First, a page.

Social media images hit self-esteem, says Plaid AM
An AM has spoken of her personal experience of how social media can affect users' self-esteem.
Bethan Sayed said altered images and filters on selfies on the internet were damaging some people's mental health.
She said she had felt low herself because of images she has seen online.
The Plaid Cymru AM led a debate on the issue in the Senedd on Wednesday where she called for more regulation, and for a conversation in society about the impact of being online.
- Why we choose to look different online
- 'I take 200 selfies a day'
- Can selfies turn you into a narcissist?
- 'Platforms must make protections better'
Mrs Sayed said: "Quite often, [social media] can be harmful because people will be doctoring images, they'll be photo-shopping them, we'll be putting filters on Instagram just to show people that we have these perfect lives - but that isn't the reality.
"Many young people in my area come to me and say they feel isolated and that social media adds to that mental health and anxiety that they have in their lives."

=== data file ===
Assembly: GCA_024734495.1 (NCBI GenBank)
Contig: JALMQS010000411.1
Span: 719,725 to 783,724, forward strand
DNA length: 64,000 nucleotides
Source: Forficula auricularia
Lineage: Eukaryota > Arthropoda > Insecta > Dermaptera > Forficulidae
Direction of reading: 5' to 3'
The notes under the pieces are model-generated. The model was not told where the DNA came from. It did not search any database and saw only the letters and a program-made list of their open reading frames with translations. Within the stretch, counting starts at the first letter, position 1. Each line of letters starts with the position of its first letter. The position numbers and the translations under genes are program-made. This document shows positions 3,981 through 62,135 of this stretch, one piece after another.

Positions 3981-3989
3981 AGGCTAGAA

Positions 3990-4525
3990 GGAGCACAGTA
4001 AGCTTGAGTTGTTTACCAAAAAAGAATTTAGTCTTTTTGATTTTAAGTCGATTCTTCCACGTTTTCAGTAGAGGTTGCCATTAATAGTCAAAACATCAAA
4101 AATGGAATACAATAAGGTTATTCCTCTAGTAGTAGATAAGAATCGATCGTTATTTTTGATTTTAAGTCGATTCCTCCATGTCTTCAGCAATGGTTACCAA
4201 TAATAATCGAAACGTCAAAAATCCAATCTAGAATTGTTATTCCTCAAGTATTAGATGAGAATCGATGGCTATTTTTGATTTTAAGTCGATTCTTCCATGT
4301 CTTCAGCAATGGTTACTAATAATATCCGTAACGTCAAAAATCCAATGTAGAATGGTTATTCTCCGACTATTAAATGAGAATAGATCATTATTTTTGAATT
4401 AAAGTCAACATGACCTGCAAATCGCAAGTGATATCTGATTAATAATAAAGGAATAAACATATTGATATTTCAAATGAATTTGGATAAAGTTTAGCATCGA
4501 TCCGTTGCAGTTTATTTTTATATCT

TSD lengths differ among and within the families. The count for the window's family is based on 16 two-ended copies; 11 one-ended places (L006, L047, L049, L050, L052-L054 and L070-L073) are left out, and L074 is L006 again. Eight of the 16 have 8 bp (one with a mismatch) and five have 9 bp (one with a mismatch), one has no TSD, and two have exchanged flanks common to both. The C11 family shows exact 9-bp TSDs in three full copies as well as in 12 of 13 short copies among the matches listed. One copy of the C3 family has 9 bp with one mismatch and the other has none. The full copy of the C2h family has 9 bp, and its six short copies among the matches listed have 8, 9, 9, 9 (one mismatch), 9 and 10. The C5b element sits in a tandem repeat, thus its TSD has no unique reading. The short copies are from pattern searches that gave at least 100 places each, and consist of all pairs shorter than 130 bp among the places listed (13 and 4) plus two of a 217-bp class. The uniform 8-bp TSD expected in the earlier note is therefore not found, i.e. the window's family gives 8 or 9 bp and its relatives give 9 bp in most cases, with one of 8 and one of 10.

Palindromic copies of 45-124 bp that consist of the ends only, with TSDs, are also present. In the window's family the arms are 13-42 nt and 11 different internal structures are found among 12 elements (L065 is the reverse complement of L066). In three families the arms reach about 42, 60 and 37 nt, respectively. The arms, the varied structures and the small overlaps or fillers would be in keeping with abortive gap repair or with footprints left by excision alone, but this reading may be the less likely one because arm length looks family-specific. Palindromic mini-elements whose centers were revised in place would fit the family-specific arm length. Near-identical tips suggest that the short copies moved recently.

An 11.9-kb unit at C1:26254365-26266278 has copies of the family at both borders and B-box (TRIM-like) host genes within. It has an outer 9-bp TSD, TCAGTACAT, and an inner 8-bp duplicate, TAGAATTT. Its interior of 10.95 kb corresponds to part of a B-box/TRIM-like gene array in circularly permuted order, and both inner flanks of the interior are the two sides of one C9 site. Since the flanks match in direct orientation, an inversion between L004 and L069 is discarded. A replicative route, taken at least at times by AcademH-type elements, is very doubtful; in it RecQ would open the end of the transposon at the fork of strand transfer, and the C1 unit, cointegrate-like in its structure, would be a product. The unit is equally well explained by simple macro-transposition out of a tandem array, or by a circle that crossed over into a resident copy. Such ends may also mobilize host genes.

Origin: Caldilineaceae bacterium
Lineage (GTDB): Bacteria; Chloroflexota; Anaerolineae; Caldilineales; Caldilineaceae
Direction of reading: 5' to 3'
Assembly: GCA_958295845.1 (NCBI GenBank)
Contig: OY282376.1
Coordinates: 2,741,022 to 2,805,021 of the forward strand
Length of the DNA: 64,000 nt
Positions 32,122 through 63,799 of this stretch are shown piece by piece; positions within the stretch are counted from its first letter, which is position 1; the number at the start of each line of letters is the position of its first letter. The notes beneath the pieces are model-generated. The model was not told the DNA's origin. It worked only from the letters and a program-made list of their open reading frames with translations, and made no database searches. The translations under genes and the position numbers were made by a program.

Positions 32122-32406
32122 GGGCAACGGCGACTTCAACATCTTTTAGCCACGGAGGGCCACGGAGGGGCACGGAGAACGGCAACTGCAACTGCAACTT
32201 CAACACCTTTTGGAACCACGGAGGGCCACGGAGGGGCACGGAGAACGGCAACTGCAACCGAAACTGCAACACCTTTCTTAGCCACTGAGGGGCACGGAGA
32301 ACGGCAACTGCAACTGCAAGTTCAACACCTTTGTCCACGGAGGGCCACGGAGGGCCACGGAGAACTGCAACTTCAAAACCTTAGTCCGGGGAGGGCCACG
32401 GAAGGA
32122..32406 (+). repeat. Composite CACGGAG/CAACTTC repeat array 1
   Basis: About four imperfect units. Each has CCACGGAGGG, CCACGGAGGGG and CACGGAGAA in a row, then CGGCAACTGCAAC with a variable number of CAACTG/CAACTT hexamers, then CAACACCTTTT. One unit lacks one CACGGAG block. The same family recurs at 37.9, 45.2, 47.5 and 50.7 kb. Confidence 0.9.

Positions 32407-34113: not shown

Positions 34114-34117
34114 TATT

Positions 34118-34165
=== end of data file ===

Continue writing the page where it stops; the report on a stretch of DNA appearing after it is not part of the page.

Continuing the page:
"Even myself at the age of 37, you still have those days when you feel low in self-esteem because you've seen something online," she said.
"You see a picture of a celebrity before and after a diet and that makes you feel negatively about yourself."
She told the debate: "If I feel like that... then what do our young people feel like when they feel constantly bombarded with these images?"
During the debate, Ms Sayed called for wellbeing classes and workshops in schools.
Minister for Finance Rebecca Evans told AMs the Welsh Government has published an online safety action plan, and has produced educational resources on the topic.
"We hope to show children and young people how they can instead develop a positive sense of themselves in the world," she said.
Social media companies say they are working hard to keep their platforms safe.